From that point, Paige became the target of relentless bullying. This is the inspiring and revelatory story of how she coped with the bullying and the challenges of living with HIV into adulthood. Like most of the Henrietta locals, Blue wants nothing to do with the stuck-up Raven Boys of Aglionby Academy, but then she meets Gansey, whose fate seems tied to Blue and a deadly curse.

Mystery, heartbreak, friendship, betrayal, and moral dilemmas emerge in the first book only to intensify further as the series continues. Lush, descriptive prose; complex characters; and a multi-layered, imaginative plot create a leisurely-paced but riveting series that succeeds in seamlessly combining magic with contemporary social issues. High School. Updated: Giver Quartet series by Lois Lowry — The Giver has been included on our list since the beginning, but now we feel it is time to round out the story of Jonas and the Community by including the full series.

Skip to content. Share this The unique narrator, Death personified, was the hook for me on the first read. Later, I chose it for my first selection for a book club I was starting up.

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I was a little nervous about choosing it for adults to read, but years later, the club was going strong, and we still talked about it! Get from the library. The exquisite writing in this imagined letter from an ailing year-old preacher to his young son always gives me something new to ponder. Learn how you can participate at bcplib. Alden and his mother are newly rich thanks to an insurance policy and a scratch-off lottery ticket, but their neighbors, the Massimo family, are RICH rich.

Skillfully read, this 2 disc story is a great 4th of July read! In addition to managing staff and coordinating displays at Lebanon Junction, she is also a frequent Staff Picks contributor. View in catalog. There is nothing more patriotic than Captain America himself. A tale of a man who would do anything to serve his country in World War II, so it is an amazing story perfect for the 4th!

Plus Chris Evans… do I need to say more? View in catalog Listen with Hoopla. If music is more your thing, grab yourself a copy of Hamilton, or better yet download it from Hoopla so you can take it out with you while you watch fireworks. There is a reason this is a phenomenon. Amazing songs, talented singers, and a story you wonder how it can be based on reality. Brandy T. Beginning in August, her primary location will be Hillview Branch Library although she will also be organizing new monthly events like Wonder On and Homeschool Connect for multiple locations.

Of course we all know that the 4th of July comes once a year. A beautifully written and incredibly well-researched book that explores the funny and courageous women who built the history of our nation. I love this documentary because it reminds me of the impact that just one person can have for good, when you choose to speak your mind. View in catalog Get e-book or e-audiobook on Hoopla. Get e-book on Kentucky Libraries Unbound. No matter what you think about the current political climate, Mr. Marianne is part of our reference team at Ridgway Memorial Library. Responsibilities include teaching one-on-one computer classes, providing reader advisory services, and helping patrons with research and technology questions.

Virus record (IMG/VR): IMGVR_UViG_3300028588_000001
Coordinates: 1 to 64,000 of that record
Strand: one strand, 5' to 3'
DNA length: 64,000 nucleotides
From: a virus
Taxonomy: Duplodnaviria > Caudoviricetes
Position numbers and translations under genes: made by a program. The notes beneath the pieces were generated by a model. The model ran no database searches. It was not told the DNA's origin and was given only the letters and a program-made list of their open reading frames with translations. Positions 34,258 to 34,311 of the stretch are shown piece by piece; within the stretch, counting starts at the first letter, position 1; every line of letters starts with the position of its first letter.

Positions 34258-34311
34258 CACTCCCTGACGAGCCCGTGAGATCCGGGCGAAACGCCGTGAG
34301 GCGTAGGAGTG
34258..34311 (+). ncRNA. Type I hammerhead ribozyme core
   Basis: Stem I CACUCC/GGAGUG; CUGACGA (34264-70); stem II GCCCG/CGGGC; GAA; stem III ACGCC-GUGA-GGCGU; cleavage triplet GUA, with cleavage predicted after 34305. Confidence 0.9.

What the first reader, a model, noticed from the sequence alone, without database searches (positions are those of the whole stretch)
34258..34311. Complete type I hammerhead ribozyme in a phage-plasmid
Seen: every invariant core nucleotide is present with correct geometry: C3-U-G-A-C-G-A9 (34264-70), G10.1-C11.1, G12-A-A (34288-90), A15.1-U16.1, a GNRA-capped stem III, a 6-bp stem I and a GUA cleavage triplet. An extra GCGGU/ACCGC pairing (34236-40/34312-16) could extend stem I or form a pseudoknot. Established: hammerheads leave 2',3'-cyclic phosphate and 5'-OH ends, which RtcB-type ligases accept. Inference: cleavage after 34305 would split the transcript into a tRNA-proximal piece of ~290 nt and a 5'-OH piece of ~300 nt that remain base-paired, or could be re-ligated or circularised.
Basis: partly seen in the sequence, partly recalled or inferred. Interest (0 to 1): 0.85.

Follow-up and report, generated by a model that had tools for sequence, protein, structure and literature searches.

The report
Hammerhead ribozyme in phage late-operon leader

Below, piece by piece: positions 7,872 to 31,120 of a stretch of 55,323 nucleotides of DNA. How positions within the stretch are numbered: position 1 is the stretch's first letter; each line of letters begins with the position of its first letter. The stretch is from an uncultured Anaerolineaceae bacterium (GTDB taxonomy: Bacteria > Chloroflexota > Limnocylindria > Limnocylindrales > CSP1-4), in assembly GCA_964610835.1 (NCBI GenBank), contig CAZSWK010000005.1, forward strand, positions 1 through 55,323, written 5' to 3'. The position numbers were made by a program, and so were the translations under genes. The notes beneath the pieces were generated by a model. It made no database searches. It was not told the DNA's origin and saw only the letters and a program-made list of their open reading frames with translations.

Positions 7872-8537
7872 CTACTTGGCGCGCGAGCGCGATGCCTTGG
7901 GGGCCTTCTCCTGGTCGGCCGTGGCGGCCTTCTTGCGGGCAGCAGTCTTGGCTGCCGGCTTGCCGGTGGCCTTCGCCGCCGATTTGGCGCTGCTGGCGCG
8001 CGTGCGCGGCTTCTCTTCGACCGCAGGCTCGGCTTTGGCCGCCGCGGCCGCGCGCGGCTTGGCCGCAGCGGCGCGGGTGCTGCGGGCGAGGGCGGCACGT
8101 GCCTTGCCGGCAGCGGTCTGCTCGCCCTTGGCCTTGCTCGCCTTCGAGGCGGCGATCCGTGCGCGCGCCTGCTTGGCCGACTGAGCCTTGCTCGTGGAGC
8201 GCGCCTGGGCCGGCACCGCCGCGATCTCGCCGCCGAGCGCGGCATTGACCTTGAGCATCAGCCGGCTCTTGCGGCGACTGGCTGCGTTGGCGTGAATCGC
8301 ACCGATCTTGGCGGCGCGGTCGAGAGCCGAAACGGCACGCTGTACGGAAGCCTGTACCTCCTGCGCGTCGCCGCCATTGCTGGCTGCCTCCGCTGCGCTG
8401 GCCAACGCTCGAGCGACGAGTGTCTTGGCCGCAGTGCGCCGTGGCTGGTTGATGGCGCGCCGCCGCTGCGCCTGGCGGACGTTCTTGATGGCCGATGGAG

What better time to begin a series about Revolutionary War spies than the week of July 4th? Plus, the acting and cinematography are superb. This is a great one to ooh and aah over with the kiddos! Be sure not to skip the Author Notes in the back! This book for kids ages 5—8 is totally awesome for adults, too! The committee includes: Anna, Circulation Clerk, Mt. Washington Branch Library Brandy F. American Eclipse by David Baron. Marianne says: I listened to this book in the week before the August eclipse and so really felt like I understood the excitement that the eclipse must have generated.

American Fire by Monica Hesse. I think true crime readers will enjoy this one. Tracy says: This is a solid true-crime read with a little extra. The author did a masterful job putting this bizarre occurrence into thought-provoking economic and historical contexts. Heather says: This short, quickly moving book packs a wild punch. Mind-blowing nuggets of information given in such a way non-scientists can understand. Not to mention, Neil deGrasse Tyson himself narrates the audiobook, and his voice is like warm molasses!

Tracy says: This gem of a book provides a clear and fascinating overview of the subject. Heather says: This captivating memoir could not have been told in a more beautiful way than the graphic novel format. A raw and emotional monologue on identity and heritage. Anna says: I really enjoyed reading this. It provided a broad understanding of basic civil rights issues that were going on during the s and 60s in the black community.

The Bright Hour by Nina Riggs. Heart wrenching even. It will make you laugh and make you cry. Loved every moment. Tanya says: Very compelling read. From Here to Eternity by Caitlin Doughty.